When D Home was in its early days, I would walk up to front doors that intrigued me and leave my business card in the mailbox with a hand-scrawled note asking if the owner might let me scout her house and possibly photograph it. (Upon reflection, this is just the kind of stranger you warn your children about.) I am stunned that people actually called me back, and over the course of those first years, I met numerous people whom I now count as friends. I rarely turned up anything publishable. It wasn’t because the houses weren’t beautiful—they were brimming with originality and style—but some houses, like people, simply are more photogenic than others.
We now have a cadre of editors who have eliminated my need to leave little notes in random people’s mailboxes. As you will see in this issue, they have turned up three utterly photogenic interiors: a David George-designed 1960s house that Allen Kirsch recreated for his Bluffview client; Charlotte Comer’s 94-year-old Vickery Place cottage; and Carter Bowden’s antiques laden, mid-century modern house in Fort Worth. These three residences, as different as they are at first glance, are all part of a growing movement in Dallas toward smaller, meticulously decorated houses, a stark contrast to the chest-beating Starter Castles of the ’90s. There is no doubt that for the next few decades, smaller, finer houses (think 2,500 to 5,000—not 15,000—square feet) and spacious high-rise apartments will be the dominant choice of the affluent market, whether they are 40-year-old professionals with growing families or empty nesters with re-imagined lives. Rather than filling up warehouse-like spaces with furniture that more rightly belongs in European hotel lobbies, we will be creating chic little rooms, perfectly rendered. Comfortable. Beautiful. And so photogenic.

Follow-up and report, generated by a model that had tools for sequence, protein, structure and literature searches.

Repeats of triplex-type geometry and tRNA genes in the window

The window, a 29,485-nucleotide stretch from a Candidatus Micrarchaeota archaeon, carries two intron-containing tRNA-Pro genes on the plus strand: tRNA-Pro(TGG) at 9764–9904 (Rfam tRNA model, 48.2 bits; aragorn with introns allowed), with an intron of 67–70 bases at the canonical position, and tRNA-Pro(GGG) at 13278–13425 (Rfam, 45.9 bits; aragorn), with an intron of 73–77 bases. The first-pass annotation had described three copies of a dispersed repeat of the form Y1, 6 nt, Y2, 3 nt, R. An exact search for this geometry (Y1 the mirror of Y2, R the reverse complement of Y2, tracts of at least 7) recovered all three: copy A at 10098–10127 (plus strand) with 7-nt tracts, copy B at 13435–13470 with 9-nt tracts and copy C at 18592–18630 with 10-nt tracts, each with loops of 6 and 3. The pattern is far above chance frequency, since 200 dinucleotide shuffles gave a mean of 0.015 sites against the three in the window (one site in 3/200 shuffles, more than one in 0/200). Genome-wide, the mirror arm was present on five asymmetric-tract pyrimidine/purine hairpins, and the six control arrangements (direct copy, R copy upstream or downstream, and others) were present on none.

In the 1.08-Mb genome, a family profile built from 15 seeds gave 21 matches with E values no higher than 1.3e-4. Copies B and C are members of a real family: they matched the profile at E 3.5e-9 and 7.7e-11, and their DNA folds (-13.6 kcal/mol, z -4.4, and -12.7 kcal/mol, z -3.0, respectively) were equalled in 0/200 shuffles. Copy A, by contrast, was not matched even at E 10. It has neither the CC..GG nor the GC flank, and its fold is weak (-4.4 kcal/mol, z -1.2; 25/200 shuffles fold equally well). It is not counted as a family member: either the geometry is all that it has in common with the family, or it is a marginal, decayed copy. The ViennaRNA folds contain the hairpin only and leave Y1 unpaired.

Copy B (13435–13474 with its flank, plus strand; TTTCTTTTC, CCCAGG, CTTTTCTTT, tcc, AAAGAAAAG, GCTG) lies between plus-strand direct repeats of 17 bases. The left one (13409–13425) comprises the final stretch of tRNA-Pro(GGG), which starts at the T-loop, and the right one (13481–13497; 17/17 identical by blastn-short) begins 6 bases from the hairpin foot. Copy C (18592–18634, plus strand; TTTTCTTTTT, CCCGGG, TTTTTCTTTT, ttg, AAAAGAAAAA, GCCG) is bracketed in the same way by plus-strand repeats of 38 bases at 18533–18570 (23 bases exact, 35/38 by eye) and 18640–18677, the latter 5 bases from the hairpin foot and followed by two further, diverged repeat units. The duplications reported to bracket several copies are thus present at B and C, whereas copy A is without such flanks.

Another trend in Dallas that caught our attention is the number of Master Gardeners in town, which is growing exponentially. Contributing editor Loyd Zisk introduces you to three who took gardening from a hobby to a more serious—and richer—level. Reading their stories inspired me to look into this program, and (now that I do not do so much door-to-door scouting) I am actually contemplating becoming a Master Gardener myself. Read this article and see what you think. Maybe a group of D Home readers could do this together!
Most important, this issue marks our 7th annual “Best of Everything” edition, where we bestow the coveted “best” status on people, places, and things in Dallas. We’ve been working for months on this story, and—big praise here—I think it is our best ever. Enjoy this issue, and let me hear from you.
Editor and Publisher